A nurse-midwife resume is expected to have specific foundational proficiencies and technical duties. Luckily, we have compiled a list of some examples the hospital administrator, Principal, or Health Center’s Shareholder’s Board may find most appealing. Be sure to customize, incorporate, and align those relevant to your previous working experience into your resume. 

A Nurse Midwife 

  • Running STD and other tests on new, prospective, and expecting parents. 
  • Providing the proper training and education on breastfeeding
  • Educating new parents on infant care and issues such as SIDS and colic
  • Preparing mothers for the birth of their children and providing them with counselling on issues such as anaesthesia and how to handle complications
  • Staying with the mother, and coaching her during the labor and delivery process
  • Keeping an eye out for complications that will require medical intervention
  • Providing care for mothers and infants, postpartum
  • Provide care and management of regular labor patients, including delivery; requiring twenty-four-hour Midwifery coverage

  • Provide care and management of patients after a natural birth and operative birth
  • Make clinical decisions and developing women’s health care plans 
  • Providing evidence-based obstetric care such as ordering and evaluating diagnostic tests and managing minor complications to pregnant women. 
  • Perform comprehensive physical exams to determine normal and abnormal health states
  • Initiate and collaborate in performing clinical research projects like retrospective and prospective study registries
  • Follows the safety and health measures as prescribed 
  • Provide psychosocial support to patients and their family
  • Provide patients with clear information that results in the informed consent 
  • Provide care to obstetrical and gynaecological patients in correlation with Midwifery protocols

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  • Incorporate health promotion and protection and injury prevention measures into the care plan within the context of the foetal and patient condition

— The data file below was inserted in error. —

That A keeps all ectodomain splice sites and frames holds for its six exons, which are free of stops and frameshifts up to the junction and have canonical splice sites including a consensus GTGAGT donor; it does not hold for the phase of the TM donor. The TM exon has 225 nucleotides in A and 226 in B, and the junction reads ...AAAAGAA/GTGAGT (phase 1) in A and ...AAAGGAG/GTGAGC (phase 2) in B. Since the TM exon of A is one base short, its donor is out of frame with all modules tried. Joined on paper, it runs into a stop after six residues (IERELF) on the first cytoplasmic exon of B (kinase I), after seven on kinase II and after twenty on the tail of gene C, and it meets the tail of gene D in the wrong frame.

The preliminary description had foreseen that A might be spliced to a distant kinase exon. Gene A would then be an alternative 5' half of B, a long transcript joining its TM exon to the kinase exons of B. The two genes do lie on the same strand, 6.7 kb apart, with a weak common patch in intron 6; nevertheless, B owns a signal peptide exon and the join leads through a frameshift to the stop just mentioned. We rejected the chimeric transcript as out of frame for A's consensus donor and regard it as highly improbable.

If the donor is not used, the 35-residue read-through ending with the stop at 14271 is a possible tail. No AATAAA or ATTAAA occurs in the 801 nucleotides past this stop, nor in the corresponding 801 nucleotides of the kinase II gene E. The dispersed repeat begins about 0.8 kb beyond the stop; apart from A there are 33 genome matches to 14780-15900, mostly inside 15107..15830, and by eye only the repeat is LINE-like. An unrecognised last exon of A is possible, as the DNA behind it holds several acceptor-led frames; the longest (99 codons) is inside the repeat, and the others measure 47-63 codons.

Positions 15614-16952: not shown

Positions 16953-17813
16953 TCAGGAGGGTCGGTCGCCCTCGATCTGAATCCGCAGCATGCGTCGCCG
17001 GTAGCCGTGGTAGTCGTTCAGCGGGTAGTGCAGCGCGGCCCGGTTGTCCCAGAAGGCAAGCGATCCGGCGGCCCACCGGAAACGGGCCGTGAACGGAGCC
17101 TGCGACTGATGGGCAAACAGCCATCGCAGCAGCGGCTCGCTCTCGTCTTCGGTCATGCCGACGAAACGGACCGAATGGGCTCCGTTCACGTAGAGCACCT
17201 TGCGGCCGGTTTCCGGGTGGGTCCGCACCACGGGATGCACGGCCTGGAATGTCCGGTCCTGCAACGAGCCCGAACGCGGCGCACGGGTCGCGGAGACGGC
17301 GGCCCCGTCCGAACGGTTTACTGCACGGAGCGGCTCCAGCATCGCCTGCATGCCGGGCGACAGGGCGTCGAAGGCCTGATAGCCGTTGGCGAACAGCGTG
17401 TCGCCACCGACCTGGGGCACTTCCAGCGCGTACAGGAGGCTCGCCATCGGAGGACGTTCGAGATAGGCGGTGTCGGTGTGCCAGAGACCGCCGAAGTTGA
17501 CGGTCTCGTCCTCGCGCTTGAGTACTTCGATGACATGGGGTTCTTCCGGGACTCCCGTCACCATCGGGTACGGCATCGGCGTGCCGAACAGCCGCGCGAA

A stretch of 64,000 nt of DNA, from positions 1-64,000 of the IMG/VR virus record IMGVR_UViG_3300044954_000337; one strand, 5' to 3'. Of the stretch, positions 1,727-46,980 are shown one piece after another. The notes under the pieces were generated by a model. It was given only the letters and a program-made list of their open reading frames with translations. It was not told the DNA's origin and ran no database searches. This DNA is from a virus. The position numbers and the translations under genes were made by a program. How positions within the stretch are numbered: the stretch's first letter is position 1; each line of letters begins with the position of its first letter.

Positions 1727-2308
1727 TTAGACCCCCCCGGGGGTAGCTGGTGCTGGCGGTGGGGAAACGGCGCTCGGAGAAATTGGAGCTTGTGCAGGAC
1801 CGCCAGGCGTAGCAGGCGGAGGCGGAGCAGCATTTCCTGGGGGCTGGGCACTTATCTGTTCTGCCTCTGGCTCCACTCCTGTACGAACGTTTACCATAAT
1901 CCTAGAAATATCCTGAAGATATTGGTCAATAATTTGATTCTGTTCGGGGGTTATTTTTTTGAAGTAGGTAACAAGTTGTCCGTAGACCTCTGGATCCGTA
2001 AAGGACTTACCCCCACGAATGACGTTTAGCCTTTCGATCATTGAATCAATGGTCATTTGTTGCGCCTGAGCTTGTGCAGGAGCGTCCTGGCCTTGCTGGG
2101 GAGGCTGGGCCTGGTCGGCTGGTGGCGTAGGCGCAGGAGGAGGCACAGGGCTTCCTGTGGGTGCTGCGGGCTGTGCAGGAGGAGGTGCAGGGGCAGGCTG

• Obstetrical Care
  • Examining, monitoring, and diagnosing women during pregnancy 
  • Evaluating and developing care programs for patients 
  • Providing full care antepartum, including laboratory tests in the hospital, home, and community.  
  • Monitoring foetal and maternal health during pregnancy
  • Referring high-risk patients to doctors and other specialists for specialized care
  • Providing health and parenting education

  • Offering counselling, advice, and support during events such as termination, miscarriage, stillbirth, neonatal death, and abnormalities.
  • Assisting and supervising mothers during childbirth and foetal monitoring. 
  • Providing care postpartum
  • Giving advice and support about the daily care of the infant
  • Providing breastfeeding support
  • Provide routine gynaecological care to your patients
  • Performing annual health examinations
  • Ordering tests and prescribing medications such as birth control 
  • Providing family planning services and counselling
  • Providing counselling and care for women experiencing menopause

Highlight Your Accomplishments

Resumes that showcase technical accolades and professional achievements are granted the most attention from hiring managers. That being said, this achievement sections not a tribute and memoir of your life from birth. Stick to selling the relevant experience you’ve obtained in the mast, 3-5 years. It is also highly advisable that you make use of bullet points for a quick and easy read. 

Also, remember to add a numerical value, such as we have done below. Numbers are proof of your proficiency. Again, try to answer some of the questions listed below into your list of accomplishments: 

How many patients in your ward were in your care?

How many hours did you accumulate for each rotation cycle?

What was the hospital’s patient capacity?

How long do you need to administer an IV?

Pick your top 3-5 accomplishments you feel set you apart from the rest and run with them. Include powerful action verbs to give your statements that little extra push. 


Accomplishment Statement Examples:

  1. Improved support service and overall quality standards of the facility by 30%.
  2. Supervised multiple groups of Nurses both in the ER and Oncology between the years 2012 and 2019.